Stochastic models based on Gaussian processes, like fractional Brownian motion, are able to reproduce important stylized facts of financial markets, such as rich autocorrelation structures, persistence and roughness of sample paths. This is made possible by virtue of the flexibility introduced in the choice of the covariance function of the Gaussian process. The price to pay is that, in general, such models are no longer Markovian nor semimartingales, which limits their practical use. We derive explicit analytic expressions for Fourier–Laplace transforms of  quadratic functionals of Gaussian processes. Such analytic expression can be approximated by closed form matrix expressions stemming from Wishart distributions. We highlight the applicability of such results in the context of rough volatility modeling: (i) fast pricing and calibration in the (rough) fractional Stein–Stein model; (ii) explicit solutions for the Markowitz portfolio allocation problem in a multivariate rough Stein—Stein model.

Efficient inference for large and high-frequency data
Alexandre Brouste (Université du Maine)
Although a lot of attention has been paid to the high-frequency data due to their increasing availability in different applications, several statistical experiments under the high-frequency scheme remain not fully understood. For instance, at high frequency, the variance and the Hurst exponent for the fractional Gaussian noise (fGn) or the scale and the stability index for the stable Lévy process are melting. Weak LAN property with a singular Fisher information matrix was obtained for the fGn and for the stable Lévy process.

Due to this singularity, no minimax theorem can be applied and it has been unclear for a long time whether the maximum likelihood estimator (MLE) possesses any kind of asymptotic optimality property. More recently, we established a non-singular LAN property for the fGn and for the stable Lévy process making it possible to define the asymptotic optimality in these statistical experiments.

The LAN theory does not directly provide the construction of efficient estimators. In regular statistical experiments, the MLE generally achieves optimality. Nevertheless, its computation is time consuming, and alternatives should be found to handle big or high-frequency datasets available in the fields of insurance and finance. In this direction, the Le Cam one-step estimation can be proposed in the aforementioned statistical experiments (and in others).

Time-inhomogeneous Gaussian stochastic volatility models: Large deviations and super roughness
Archil Gulisashvili (Ohio University)
The talk concerns time-inhomogeneous stochastic volatility models in which the volatility is described by a non-negative function of a Volterra type continuous Gaussian process that may have very rough sample paths. We prove small-noise large deviation principles for the log-price process in a Volterra type Gaussian model under very mild restrictions. These results are used to study the small-noise asymptotic behavior of binary barrier options, exit time probability functions, and call options.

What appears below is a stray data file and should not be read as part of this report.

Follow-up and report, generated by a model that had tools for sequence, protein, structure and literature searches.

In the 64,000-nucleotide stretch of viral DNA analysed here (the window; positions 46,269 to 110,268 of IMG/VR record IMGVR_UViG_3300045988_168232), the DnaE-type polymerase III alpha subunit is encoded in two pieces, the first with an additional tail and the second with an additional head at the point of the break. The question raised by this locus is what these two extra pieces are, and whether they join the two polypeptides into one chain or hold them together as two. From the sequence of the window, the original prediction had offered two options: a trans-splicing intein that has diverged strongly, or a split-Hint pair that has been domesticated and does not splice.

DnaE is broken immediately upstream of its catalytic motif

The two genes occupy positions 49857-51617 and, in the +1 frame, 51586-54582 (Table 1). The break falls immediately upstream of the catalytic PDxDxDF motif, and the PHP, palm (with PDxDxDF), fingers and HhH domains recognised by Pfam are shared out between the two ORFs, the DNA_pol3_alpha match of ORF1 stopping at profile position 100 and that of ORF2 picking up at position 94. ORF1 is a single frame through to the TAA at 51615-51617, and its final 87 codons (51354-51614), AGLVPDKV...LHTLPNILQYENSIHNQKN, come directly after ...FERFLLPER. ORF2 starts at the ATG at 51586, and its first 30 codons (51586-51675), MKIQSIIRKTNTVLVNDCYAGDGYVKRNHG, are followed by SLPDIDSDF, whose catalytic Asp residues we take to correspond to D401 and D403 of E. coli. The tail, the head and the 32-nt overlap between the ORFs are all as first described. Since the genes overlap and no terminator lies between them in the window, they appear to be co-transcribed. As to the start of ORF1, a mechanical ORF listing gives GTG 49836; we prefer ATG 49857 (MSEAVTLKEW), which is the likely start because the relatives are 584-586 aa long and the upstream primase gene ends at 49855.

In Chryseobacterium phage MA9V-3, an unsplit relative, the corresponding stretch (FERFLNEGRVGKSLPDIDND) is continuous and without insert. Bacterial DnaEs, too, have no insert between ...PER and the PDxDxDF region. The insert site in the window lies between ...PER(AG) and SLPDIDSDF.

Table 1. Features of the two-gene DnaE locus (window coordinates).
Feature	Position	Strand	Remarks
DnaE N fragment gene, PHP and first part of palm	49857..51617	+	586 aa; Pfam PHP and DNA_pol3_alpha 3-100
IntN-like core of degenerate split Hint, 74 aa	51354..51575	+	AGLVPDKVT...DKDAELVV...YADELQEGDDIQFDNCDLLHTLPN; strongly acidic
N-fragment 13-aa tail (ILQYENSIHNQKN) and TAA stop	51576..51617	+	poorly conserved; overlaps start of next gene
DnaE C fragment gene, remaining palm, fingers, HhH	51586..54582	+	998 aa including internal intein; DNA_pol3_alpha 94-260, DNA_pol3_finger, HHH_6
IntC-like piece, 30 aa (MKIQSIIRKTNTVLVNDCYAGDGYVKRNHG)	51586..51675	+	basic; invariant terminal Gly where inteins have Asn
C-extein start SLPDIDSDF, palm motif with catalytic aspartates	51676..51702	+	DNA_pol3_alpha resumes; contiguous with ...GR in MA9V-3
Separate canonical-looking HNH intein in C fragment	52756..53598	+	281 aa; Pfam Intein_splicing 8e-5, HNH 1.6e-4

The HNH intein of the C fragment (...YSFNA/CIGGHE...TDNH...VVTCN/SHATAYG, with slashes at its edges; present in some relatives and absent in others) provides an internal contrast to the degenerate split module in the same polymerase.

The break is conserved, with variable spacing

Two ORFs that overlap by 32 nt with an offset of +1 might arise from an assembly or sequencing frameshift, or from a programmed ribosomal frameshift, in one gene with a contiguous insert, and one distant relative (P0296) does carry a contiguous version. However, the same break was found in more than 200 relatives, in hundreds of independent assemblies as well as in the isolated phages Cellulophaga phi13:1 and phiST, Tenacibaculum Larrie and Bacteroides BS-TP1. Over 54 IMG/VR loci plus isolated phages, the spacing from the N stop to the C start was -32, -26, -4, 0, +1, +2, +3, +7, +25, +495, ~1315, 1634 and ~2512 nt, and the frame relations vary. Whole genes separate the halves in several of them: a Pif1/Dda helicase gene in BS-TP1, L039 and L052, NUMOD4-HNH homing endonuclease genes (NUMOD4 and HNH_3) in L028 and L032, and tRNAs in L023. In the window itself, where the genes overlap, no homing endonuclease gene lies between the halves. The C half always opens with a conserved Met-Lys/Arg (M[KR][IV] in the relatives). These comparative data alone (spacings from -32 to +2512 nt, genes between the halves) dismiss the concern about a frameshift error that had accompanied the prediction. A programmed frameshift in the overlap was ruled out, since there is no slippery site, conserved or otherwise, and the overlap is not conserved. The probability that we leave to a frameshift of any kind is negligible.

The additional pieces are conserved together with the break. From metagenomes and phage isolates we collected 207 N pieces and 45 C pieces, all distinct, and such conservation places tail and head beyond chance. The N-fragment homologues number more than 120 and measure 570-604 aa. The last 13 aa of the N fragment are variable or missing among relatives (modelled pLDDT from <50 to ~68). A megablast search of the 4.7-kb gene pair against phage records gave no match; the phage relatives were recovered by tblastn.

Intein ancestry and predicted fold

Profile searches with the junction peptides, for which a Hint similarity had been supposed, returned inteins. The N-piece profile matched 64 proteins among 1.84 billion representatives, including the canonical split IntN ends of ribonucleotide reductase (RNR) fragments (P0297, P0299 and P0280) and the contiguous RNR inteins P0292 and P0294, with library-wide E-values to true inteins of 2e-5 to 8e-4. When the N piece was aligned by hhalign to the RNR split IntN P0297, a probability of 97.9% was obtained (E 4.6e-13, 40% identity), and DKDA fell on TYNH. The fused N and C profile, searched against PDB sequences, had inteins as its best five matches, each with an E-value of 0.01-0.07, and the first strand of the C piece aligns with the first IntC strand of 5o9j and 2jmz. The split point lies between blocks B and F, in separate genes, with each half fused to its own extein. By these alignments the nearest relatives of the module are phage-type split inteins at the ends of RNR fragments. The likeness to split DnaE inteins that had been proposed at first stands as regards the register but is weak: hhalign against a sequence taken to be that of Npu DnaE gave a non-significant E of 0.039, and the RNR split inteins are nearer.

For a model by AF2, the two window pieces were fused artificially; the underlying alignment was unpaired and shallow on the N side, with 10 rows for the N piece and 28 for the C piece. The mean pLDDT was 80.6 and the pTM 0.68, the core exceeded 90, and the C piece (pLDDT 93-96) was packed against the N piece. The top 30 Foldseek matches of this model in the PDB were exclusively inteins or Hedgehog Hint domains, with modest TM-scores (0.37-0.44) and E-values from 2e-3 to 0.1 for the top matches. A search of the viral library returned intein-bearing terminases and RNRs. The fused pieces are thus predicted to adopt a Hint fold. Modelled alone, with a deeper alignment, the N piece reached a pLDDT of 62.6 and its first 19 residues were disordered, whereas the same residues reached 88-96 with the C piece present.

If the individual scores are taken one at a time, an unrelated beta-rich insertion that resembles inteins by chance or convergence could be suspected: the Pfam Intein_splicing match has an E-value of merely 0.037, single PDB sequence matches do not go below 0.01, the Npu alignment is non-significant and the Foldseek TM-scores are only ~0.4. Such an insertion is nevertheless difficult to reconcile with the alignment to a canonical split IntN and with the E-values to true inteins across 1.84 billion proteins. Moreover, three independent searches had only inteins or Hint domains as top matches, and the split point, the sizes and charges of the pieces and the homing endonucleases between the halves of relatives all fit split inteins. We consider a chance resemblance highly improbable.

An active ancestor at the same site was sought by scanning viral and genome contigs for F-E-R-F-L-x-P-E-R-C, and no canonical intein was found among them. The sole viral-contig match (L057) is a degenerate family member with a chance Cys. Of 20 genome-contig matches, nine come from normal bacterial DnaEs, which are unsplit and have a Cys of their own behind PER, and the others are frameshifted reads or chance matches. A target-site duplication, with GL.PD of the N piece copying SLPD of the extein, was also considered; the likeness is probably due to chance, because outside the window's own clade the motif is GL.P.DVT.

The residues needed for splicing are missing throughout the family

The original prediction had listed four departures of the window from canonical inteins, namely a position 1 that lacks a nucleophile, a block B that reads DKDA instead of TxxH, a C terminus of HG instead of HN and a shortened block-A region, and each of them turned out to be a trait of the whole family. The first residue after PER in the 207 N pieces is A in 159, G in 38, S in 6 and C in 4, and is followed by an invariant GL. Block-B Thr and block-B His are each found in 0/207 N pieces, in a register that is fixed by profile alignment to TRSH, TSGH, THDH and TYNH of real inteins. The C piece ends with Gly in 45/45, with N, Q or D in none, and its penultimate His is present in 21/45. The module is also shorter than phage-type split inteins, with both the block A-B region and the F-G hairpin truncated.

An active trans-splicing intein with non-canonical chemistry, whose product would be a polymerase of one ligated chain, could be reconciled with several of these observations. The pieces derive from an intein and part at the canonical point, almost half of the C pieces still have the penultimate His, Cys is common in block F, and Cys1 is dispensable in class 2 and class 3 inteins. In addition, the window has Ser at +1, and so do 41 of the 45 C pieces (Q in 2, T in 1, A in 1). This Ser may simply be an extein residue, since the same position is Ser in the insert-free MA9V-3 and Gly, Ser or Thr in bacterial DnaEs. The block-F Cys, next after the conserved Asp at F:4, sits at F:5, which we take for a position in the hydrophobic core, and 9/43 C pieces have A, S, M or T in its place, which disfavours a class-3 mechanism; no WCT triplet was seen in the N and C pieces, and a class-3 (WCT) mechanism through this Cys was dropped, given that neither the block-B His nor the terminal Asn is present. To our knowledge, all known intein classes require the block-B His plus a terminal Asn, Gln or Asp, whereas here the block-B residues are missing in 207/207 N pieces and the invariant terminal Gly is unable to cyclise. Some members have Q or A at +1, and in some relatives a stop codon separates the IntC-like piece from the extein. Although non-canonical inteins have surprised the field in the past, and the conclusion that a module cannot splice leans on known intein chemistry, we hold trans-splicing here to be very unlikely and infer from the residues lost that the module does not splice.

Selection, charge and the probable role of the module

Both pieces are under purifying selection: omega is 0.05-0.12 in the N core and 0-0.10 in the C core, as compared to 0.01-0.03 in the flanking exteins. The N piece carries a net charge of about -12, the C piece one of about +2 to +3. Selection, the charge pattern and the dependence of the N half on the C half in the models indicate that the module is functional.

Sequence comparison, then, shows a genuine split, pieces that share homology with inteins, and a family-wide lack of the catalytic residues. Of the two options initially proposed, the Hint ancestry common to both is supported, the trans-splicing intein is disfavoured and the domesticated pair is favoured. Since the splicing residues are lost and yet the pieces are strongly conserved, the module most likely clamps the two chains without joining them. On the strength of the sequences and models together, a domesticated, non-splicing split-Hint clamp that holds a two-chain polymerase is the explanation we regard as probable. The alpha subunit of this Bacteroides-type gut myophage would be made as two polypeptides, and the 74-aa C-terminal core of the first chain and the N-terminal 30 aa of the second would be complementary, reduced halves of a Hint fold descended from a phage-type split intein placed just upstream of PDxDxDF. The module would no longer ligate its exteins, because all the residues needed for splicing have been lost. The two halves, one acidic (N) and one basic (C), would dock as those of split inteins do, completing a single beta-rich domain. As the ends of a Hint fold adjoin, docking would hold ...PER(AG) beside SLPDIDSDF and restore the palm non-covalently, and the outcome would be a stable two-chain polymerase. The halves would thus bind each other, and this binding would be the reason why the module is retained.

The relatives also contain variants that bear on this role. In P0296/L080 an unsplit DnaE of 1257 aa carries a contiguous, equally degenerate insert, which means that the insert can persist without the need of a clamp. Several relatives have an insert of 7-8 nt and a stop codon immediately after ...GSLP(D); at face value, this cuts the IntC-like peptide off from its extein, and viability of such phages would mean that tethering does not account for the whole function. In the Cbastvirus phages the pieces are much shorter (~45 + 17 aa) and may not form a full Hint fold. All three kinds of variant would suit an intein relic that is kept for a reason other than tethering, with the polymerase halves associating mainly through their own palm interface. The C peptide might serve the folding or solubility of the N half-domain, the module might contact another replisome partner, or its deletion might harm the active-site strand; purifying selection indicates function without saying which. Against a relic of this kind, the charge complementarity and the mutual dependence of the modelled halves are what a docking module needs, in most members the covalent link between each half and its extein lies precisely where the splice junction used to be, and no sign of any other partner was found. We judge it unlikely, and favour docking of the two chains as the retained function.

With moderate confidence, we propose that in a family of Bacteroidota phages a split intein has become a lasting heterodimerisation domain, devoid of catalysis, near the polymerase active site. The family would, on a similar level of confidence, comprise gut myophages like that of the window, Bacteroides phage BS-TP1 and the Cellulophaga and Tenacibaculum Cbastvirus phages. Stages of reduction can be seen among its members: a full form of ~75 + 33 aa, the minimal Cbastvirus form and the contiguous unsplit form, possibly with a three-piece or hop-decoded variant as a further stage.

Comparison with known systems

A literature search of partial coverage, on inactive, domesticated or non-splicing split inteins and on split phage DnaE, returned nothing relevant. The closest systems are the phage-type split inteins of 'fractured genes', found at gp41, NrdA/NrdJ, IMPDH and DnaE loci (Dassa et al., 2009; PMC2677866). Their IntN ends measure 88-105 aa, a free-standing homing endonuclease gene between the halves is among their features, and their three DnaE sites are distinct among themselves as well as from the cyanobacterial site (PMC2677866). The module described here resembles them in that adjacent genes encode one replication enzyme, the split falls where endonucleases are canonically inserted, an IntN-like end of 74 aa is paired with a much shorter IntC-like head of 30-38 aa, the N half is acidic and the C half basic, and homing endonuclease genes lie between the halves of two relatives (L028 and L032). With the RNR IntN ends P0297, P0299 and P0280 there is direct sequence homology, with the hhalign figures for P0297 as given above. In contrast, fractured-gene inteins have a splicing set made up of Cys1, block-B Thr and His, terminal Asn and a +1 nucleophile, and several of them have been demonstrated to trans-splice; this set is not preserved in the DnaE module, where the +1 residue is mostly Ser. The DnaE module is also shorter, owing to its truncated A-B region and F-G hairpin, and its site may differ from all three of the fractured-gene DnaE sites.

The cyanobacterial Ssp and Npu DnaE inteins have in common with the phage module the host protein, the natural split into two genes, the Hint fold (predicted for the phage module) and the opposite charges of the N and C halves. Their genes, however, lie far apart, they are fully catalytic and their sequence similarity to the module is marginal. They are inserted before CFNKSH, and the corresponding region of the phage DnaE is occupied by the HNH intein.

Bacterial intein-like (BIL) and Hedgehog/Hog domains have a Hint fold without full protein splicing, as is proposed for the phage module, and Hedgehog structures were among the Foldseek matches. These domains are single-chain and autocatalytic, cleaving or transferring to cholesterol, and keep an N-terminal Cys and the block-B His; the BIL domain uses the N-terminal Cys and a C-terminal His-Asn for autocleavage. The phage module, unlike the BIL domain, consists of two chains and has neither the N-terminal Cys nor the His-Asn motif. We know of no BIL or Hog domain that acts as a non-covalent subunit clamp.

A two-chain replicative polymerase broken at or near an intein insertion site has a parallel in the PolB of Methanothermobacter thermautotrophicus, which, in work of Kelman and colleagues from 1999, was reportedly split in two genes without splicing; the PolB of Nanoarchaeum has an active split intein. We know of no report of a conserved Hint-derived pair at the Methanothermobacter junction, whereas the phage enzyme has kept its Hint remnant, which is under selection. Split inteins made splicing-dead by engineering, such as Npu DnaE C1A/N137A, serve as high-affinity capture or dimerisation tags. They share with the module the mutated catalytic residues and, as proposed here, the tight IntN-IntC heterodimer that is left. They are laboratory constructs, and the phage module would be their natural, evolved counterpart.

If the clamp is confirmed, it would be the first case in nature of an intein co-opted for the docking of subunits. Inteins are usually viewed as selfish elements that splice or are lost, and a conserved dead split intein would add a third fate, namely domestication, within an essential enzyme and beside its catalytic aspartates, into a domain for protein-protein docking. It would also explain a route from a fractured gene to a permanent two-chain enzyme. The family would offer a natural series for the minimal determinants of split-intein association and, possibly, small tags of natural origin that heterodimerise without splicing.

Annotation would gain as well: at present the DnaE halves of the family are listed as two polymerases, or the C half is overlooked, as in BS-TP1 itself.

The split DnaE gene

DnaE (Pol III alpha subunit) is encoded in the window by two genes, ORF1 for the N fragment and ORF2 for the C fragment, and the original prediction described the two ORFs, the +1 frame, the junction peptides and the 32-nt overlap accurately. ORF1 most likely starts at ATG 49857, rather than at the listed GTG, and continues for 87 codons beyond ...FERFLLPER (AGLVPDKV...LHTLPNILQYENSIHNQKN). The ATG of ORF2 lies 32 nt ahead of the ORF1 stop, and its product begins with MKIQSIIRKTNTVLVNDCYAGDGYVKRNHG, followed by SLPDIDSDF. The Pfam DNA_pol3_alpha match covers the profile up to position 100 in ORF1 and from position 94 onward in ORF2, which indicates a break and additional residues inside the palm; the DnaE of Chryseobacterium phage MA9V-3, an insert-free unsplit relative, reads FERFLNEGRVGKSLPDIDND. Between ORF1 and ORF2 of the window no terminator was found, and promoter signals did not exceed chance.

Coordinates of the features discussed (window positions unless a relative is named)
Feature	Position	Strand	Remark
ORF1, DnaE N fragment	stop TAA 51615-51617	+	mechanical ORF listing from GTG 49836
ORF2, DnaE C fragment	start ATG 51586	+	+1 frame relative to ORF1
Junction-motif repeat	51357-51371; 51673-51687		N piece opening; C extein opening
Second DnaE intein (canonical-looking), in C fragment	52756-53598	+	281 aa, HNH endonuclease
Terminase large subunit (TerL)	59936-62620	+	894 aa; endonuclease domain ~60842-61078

Concluding remarks


PART 3 – Chaired by Jean-Philippe Touffut (Fondation Cournot)

Rough volatility: Challenges for Macroeconomists
Xavier Timbeau (OFCE)

Rough volatility and regime shifts: Views from a macroeconomist
Jean-Bernard Chatelain (Université Paris I)

The presentation focuses on rough volatility on stock market returns, endogenous persistence and regime shifts with feedback from other variables.

Concluding Remarks
Josselin Garnier (École Polytechnique), Knut Sølna (University of California at Irvine), Jean-Philippe Touffut (Fondation Cournot)

En savoir plus // PDF & Videos


Elisa Alòs (Universitat Pompeu Fabra, Barcelona)

The fractional Brownian motion in volatility modeling - Elisa Alòs

Mikko Pakkanen (Imperial College London)

A GMM approach to estimate the roughness of stochastic volatility - Mikko Pakkanen

Eduardo Abi Jaber (Université Paris I)

Quadratic Gaussian models: Analytic expressions for pricing in rough volatility models - Eduardo Abi Jaber

Alexandre Brouste (Université du Maine)

Efficient inference for large and high-frequency data - Alexandre Brouste

Archil Gulisashvili (Ohio University)

Time-inhomogeneous Gaussian stochastic volatility models: Large deviations and super roughness - Archil Gulisashvili

Time-inhomogeneous Gaussian stochastic volatility models: Large deviations and super roughness - Background paper

Multivariate Stochastic Volatility Models and Large Deviation Principles - Background paper

Xavier Timbeau (OFCE)

Rough volatility: Challenges for Macroeconomists - Xavier Timbeau

Jean-Bernard Chatelain (Université Paris I)

Rough volatility and regime shifts: Views from a macroeconomist - Jean-Bernard Chatelain

Concluding remarks

13 JUNE 2022



Participation in the 4th Gago Conference on European Science Policy

The Impact of the Crises on Early-Career Researchers: Which Data Should Be retained and How Should They Be Interpreted?
Jean-Philippe Touffut (Centre Cournot)

WEDNESDAY, 2 FEBRUARY 2022, 10:00 AM -12:00 PM (Los Angeles) | 1:00 PM - 3:00 PM (New York) | 7:00 PM - 9:00 PM (Paris)



Organized with École Polytechnique and the University of California at Irvine